The automated hematology analyzer with Complete Blood Count (CBC) results has replaced the traditional manual or individual assay methods for haematological parameters . The traditional review of all automated hematology instrument results by preparation, staining and microscopic examination of a blood film has disappeared in most institutions . The reasons are the more accurate detection of specimens with distributional or morphological abnormalities by the traditional eye count method . There has also been a dramatic reduction of the numbers of medical technologists and technicians in medical laboratories. Automated complete blood count and differential counts has reduced the number of technologists needed for performance of these tests . But other factors have had a negative effect, such as the necessity to reduce costs. Consolidation of hematology and chemistry laboratories in core laboratories may produce savings in labour costs but may also create problems of creating and maintaining areas of expertise.
Furthermore, hematology analyzers provide quick and accurate results in most situations. However, false results related either to platelets or other parameters from complete blood count may be observed in several instances, false low White Blood Cell (WBC) counts may be observed because of agglutination in the presence of Ethylenediamine Tetra-Acetic Acid (EDTA) . Despite the sophistication of present-day instruments, there is still needed to depend on manual techniques for primary calibration. This highlights the importance of the need to maintain the manual technical skills, and to ensure this by appropriate technician training programme, despite the temptation to leave it all to the machines. Also, the correlation between automated hematology analyzer and manual techniques is rare and conflicting . Hence, this present study was designed and conducted to determine the relationship between automated hematology analyzer and manual methods using randomly selected human subject’s blood samples at different time intervals (0, 2, 4, 6, 8, 10, 12 and 24 hours).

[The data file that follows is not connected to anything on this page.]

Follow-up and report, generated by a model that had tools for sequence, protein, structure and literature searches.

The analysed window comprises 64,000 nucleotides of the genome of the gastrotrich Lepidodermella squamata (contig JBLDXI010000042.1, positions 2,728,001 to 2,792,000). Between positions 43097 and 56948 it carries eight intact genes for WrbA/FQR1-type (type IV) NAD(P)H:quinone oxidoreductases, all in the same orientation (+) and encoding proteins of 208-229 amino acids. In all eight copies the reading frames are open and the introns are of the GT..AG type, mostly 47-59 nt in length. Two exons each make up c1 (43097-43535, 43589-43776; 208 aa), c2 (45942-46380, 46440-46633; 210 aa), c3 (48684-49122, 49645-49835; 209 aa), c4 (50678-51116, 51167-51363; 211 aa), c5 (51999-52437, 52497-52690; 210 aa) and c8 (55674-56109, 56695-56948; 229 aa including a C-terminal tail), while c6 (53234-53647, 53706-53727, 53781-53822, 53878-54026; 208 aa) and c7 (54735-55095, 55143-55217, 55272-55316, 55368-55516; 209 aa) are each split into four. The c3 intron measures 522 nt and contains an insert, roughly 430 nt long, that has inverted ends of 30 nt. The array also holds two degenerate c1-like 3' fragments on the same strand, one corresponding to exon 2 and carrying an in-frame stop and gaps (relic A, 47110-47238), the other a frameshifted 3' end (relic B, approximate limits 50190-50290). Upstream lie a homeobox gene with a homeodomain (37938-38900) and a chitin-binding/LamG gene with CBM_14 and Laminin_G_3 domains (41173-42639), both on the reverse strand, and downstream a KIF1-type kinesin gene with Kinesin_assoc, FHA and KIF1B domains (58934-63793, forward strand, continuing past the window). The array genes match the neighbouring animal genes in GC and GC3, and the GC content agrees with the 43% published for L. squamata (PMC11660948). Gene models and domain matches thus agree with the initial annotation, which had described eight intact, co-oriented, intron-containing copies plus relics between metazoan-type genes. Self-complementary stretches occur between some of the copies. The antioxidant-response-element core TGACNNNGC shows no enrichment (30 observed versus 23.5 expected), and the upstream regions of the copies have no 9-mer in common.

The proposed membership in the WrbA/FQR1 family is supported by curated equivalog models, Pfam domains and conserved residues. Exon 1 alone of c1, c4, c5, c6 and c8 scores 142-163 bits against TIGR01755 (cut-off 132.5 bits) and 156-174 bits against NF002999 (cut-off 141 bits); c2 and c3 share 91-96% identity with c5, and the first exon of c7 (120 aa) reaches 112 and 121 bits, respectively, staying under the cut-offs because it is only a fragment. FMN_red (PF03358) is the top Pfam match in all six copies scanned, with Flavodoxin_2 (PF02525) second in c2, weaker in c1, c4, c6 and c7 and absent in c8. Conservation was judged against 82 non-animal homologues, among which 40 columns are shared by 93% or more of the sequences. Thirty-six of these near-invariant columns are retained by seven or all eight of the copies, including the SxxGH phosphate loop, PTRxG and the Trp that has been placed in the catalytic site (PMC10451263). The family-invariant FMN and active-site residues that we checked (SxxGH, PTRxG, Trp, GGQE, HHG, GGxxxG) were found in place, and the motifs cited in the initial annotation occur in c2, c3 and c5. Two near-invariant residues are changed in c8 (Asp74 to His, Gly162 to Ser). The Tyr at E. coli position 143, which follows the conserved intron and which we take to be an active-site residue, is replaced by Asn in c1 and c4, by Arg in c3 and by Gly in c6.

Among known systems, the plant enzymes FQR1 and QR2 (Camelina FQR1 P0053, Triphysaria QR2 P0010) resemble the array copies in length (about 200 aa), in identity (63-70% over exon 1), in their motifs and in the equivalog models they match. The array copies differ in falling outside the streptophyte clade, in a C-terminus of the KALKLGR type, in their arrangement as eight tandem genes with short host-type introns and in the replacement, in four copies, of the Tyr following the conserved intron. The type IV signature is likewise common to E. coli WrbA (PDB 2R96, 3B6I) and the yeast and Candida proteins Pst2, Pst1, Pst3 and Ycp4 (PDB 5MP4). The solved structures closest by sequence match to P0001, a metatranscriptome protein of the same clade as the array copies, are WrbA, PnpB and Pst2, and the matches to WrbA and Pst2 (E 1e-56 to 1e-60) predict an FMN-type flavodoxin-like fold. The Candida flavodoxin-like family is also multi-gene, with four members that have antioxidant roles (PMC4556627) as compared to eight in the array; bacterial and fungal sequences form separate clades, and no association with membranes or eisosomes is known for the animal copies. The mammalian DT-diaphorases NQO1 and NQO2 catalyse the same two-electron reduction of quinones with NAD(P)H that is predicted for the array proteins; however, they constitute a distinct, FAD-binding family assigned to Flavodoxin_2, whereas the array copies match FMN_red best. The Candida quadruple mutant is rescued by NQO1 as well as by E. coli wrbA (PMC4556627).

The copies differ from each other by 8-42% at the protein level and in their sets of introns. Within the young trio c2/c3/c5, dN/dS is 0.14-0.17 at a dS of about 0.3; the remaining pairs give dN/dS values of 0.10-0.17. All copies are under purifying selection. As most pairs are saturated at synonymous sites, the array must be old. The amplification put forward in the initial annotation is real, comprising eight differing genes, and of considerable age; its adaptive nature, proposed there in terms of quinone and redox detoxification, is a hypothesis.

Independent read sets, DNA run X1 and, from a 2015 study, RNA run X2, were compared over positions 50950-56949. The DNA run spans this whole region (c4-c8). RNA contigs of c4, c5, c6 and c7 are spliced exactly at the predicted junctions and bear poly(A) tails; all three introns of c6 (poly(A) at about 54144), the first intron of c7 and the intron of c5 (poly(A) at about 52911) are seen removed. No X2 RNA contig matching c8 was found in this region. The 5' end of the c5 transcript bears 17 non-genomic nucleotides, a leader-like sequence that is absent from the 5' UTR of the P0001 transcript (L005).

Materials and Methods
Blood Sample Collection and Analysis
Venous blood samples (5 ml) were randomly collected from healthy human subjects. Consent was obtained from each subject at the commencement of the study. The blood sample was collected aseptically from each subject into tri-potassium Ethylenediamine Tetra-Acetic Acid (K3EDTA) anticoagulant bottle. This was well mixed by gentle inversion for Complete Blood Count (CBC) analysis. Blood sample was divided into 2 parts as follows: Three (3 ml) for manual method and 2 ml for automated method using hematology auto analyzer ADVIA 120i - five pot instrument. All manual samples were analyzed using standard hematological method as described by Dacie and Lewis , while the automated analysis was done following the manufacturer’s operational guidelines. All samples were analyzed at 0, 2, 4, 6, 8, 12 and 24 hours after collection. Haemoglobin (Hb) was estimated by the cyan-methaemoglobin method: Packed Cell Volume was estimated by the microhaematocrit method: Total and differential leucocyte counts were done by visual method. Mean Cell Haemoglobin Concentration (MCHC) was calculated from a knowledge of the haemoglobin and PCV (Figure 1).
Blood Smear and Leishman Staining
A thin smear of blood is prepared on following the protocol onto a glass slide, stained, and examined under a microscope to record the appearance and nature of the cellular components. The two slides are cleaned using 70% alcohol, one to be covered with the blood film and one to be as spreader. Using a micropipette, a drop of blood was placed on a slide and made a fine touch of one end of a slide with blood. The edge of another slide was placed on the surface of the first one at angle of 45 degree. The spreader was drawn back until it contacted the drop of blood. Spreader was pushed slowly to the other end of the slide making a thin film and the film was allowed to dry at room temperature. Leishman’s stain was dropped on to blood film and allowed to stay for 1-2 minutes. Then distilled water was added to the stain and should be allowed to act for 15-30 minutes. Again, the slide was washed with distilled water. The excess water was dripped on to the tissue paper and allowed to dry at room temperature. Then the slide was examined in microscope using low power objective and by placing a drop of immersion oil on the selected area and use oil immersion objective. The differential cell counts, and morphology of WBC’s were examined (Figure 2).